Not only did she graduate from Stenberg’s Medical Laboratory Assistant (MLA) program with academic distinction as the top student in her cohort, she did it while raising four young children on her own.
Raised by a single mother, Temwa’s dream job as a child was to be a mom herself. “I always wanted a big family. I think my desire for having a big family came because my family was so small. I didn’t get a chance to know my dad’s side of the family or much of my extended family, so it was always my mom and my brother, just the three of us. I think I grew up wanting to create a big family to feel that, to feel what I missed out on.”
Temwa’s mother Deena worked hard to support her children, struggling to raise them on her own while attending school full time to earn her CPA designation.
Despite the positive example her mother set, Temwa did not complete high school and recalls her teen years as a difficult time.
“I really didn’t like high school at all. I liked elementary school, but the transition to high school was very hard for me. I think I always struggled with very low self-esteem, and I never felt like I fit in anywhere. I think a lot of those issues came from just being biracial and not really getting to identify with either side. I went to a school where I just felt like I stuck out all the time and so I just didn’t want to be there. I tried to do everything I could to stay away from school. I did well when I was there, I just … I didn’t go as much as I should have.”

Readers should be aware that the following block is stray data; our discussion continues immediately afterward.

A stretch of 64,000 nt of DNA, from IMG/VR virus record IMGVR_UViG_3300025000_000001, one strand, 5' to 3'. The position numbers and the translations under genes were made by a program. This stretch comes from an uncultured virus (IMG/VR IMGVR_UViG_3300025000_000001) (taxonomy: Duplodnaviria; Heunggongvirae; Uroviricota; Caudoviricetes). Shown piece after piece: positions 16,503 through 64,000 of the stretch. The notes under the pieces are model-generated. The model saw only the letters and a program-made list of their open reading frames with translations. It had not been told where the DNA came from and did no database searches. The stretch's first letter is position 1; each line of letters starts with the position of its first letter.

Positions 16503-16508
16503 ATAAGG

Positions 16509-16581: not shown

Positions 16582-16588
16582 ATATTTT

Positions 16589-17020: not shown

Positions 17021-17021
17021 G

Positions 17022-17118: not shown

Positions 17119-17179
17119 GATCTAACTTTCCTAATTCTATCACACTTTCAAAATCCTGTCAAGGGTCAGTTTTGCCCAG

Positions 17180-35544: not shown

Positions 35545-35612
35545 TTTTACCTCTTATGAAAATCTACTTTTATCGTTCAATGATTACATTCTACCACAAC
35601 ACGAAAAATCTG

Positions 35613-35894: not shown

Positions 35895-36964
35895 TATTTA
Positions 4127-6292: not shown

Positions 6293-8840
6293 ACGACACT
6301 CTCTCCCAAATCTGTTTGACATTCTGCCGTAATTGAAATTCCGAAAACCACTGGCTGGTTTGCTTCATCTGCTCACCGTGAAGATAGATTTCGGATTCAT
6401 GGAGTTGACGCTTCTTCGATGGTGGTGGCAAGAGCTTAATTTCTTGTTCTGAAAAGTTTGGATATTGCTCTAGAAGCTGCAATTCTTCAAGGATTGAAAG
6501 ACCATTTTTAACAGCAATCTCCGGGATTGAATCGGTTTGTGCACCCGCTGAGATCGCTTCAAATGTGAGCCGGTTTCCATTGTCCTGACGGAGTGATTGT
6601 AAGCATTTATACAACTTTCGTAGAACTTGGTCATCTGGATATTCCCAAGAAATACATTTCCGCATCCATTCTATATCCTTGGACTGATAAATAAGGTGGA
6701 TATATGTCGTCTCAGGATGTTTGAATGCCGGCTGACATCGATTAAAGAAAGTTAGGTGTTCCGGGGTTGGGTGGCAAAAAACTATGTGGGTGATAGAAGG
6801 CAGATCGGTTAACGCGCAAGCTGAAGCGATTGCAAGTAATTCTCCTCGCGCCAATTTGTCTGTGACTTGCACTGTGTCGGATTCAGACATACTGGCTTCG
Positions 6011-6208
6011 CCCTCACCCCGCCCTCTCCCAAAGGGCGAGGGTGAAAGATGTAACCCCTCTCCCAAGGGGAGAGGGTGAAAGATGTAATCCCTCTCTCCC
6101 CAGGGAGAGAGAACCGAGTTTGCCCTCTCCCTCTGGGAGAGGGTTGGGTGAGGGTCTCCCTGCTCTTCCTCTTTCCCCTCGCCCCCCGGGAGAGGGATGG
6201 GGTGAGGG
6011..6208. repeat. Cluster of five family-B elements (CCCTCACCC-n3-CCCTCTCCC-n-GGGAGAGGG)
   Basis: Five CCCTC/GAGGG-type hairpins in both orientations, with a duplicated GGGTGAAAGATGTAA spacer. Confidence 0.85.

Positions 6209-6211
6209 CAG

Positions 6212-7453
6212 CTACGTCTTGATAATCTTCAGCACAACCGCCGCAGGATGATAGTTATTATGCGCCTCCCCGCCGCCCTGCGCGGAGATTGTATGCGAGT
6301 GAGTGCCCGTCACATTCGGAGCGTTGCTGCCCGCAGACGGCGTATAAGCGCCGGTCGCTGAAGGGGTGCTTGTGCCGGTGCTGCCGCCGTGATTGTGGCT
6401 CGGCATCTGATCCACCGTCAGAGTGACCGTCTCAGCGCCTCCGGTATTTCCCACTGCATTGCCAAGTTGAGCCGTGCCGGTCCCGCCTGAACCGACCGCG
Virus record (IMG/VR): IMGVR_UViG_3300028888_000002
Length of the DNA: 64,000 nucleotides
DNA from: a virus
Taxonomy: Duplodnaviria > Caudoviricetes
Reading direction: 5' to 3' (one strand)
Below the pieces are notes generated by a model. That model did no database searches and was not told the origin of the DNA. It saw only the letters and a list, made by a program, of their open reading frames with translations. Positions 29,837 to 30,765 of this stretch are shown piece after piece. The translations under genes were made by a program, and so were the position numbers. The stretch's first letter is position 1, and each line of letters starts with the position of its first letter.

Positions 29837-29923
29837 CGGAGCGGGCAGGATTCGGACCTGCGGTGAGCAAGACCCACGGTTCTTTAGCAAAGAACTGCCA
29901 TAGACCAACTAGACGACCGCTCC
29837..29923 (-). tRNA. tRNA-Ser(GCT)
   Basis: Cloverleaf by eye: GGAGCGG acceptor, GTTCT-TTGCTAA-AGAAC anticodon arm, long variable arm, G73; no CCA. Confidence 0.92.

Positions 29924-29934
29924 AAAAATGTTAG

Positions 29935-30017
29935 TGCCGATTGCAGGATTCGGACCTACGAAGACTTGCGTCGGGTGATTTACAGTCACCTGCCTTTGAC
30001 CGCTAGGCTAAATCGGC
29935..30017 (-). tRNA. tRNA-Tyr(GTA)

After earning her GED, Temwa thought that she might do better in an environment where she felt like she fit in, and decided to enroll at a university in Houston, Texas. She quickly found that her old insecurities had followed her, and left school at age 21 after marrying and becoming pregnant.
Because Temwa’s husband was in the United States Navy, she found herself living alone in Washington for much of her pregnancy and the first year of her son’s life. “[My husband] was actually in Operation Enduring Freedom, so he was supposed to be gone on a six-month tour and it ended up being almost a year because it was extended and extended and extended. I was young and having my first child, living in Washington, I was away from my family and friends…it was hard because I was basically a child myself and had a child, so going through it all by myself was difficult.”